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2-Minute Gratitude Ritual That Will Change Your Life

gratitude ritual practice elizabeth rider

I want to let you in on a little secret: until this year, I didn’t really get why people needed a gratitude ritual.

I mean, I’m a really grateful person by nature. I love people like crazy and don’t take the positive experiences in my life for granted. I’m already super grateful so why do I need a ritual? Why on earth would I need to add another thing to my already too long to-do list? Taking time to write out what I’m grateful for felt kind of pointless.

But I was wrong. Dead wrong.

At the beginning of this year I had a phase where I’d get a bad feeling that something was lacking. I was stressed to the max. It had nothing to do with material goods—I knew I had enough stuff (actually, too much that’s why I recently sold 90% of what I owned, including my house, to travel for a year). I didn’t have enough, and I had too many demands. My to-do list was endless, which caused me to feel “lacking” instead of “abundant” no matter how many things I checked off my list.

Along with creating a to-don’t list (I’ll write more about that later), I carved out a little gratitude ritual to help me. It was the exact shift I needed, and it was immediate relief!

I’m a rituals girl. They are my lifeline. And of all my rituals, the gratitude practice may be my favorite. You may have a morning ritual or an exercise practice–but do you have a gratitude practice?

A gratitude ritual immediately shifts you from what you don’t have to what you do have. And when you feel stressed, a shift is exactly what you need.

Gratitude has proven physiological and psychological benefits, including:

  • Higher levels of happiness
  • Better sleep
  • Increased mindfulness
  • Less stress
  • A healthier body

With that, here’s my own super simple gratitude practice that can change your life.

Daily 2-Minute Gratitude Practice

I like to do this in the evening right before bed, but you can find a time that works best for you. The most important thing is consistency.

1. Get a small notebook that will be your dedicated gratitude notebook. The notebook is key because it’s important to actually put pen to paper in rituals instead of typing. The mind-body connect of handwriting your gratitude amplifies the benefits, kind of like making a home-cooked meal is always better for you than a store-bought one.

Gratitude Ritual Practice Elizabeth Rider

2. Keep it at your nightstand, or another place that you return to every day at the same time. Maybe the coffee pot so you can jot what you’re grateful for as your coffee brews. You may find that you’re often grateful for coffee.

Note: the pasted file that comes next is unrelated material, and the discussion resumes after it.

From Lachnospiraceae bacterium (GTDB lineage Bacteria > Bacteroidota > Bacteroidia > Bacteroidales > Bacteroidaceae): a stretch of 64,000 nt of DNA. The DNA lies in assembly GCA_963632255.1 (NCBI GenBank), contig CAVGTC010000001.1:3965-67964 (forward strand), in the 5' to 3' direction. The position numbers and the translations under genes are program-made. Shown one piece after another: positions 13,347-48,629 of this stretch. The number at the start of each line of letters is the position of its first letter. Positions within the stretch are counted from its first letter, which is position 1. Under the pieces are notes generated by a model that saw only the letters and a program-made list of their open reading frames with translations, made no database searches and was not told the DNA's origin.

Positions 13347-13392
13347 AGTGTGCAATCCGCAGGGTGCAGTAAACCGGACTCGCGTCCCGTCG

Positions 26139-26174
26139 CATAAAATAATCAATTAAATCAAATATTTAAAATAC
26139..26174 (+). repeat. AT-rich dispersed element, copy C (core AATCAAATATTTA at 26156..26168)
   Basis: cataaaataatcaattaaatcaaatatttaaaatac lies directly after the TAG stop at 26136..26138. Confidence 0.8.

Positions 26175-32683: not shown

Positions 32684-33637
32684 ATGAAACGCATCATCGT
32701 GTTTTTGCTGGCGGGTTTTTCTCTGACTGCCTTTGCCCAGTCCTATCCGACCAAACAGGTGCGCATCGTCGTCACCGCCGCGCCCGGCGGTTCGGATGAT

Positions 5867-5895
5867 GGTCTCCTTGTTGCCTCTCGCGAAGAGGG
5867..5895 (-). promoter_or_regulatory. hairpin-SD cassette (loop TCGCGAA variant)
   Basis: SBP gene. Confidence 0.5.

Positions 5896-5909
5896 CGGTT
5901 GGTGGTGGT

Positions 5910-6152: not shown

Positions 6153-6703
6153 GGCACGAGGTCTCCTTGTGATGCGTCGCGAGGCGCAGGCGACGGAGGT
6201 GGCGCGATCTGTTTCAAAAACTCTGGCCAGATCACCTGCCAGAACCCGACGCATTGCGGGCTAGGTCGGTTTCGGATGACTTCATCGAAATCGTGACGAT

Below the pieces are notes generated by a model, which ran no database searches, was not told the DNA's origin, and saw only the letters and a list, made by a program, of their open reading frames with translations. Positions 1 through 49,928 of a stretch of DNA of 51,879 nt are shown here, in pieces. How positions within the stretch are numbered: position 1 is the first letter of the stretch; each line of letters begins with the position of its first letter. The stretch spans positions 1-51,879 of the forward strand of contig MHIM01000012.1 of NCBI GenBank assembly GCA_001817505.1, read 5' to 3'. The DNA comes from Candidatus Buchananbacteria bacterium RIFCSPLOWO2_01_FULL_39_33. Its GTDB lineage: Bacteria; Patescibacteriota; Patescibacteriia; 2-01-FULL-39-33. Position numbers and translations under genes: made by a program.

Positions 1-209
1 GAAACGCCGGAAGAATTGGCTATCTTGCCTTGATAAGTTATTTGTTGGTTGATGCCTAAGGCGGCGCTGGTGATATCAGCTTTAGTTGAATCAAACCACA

3. Every night (or morning), write the date at the top of the page.

4. Set intentions. Tell yourself you’ll write for a set amount of time. It can be fifteen minutes. It can be two minutes. I find that in the beginning it might take longer, but as your ritual becomes habit even just two minutes works.

5. In that set time, write what you’re grateful for. Anything that comes to mind is fair game. Anything from “big stuff” like health, spouse, family members, to “small stuff” like almond milk lattes, the awesome new playlist for your workouts, that you could afford your dentist appointment this month.

  • The most important thing here is to be as specific as you can.
  • Instead of “grateful for my sister,” write “I’m grateful that my sister called me on my way to work and compassionately listened while I told her about my disastrous date last night.”
  • Take it up a notch by focusing on feelings rather than events. Like, “The cathartic feeling of bantering with my sister about dating in the modern world.” Write as many as you can in the allotted time.

The journal will become a record of your gratitude. With each entry, you are putting a coin into your gratitude bank, and over time you’ll have a nice savings. 

The practice is centering and calming for me and reminds me of what is most important in life.

Grab a notebook today and put a reminder on your phone. Rituals take dedication and focus to build in the beginning, but if you stick with it for at least two weeks, it will start become a second nature. And when that happens, you’ll be on your way to a new attitude and less stressed day.

Ready to get started? I’d love to be a part of your journey. Use the hashtag #2minutegratitude so we can grow our gratitude practice in community.

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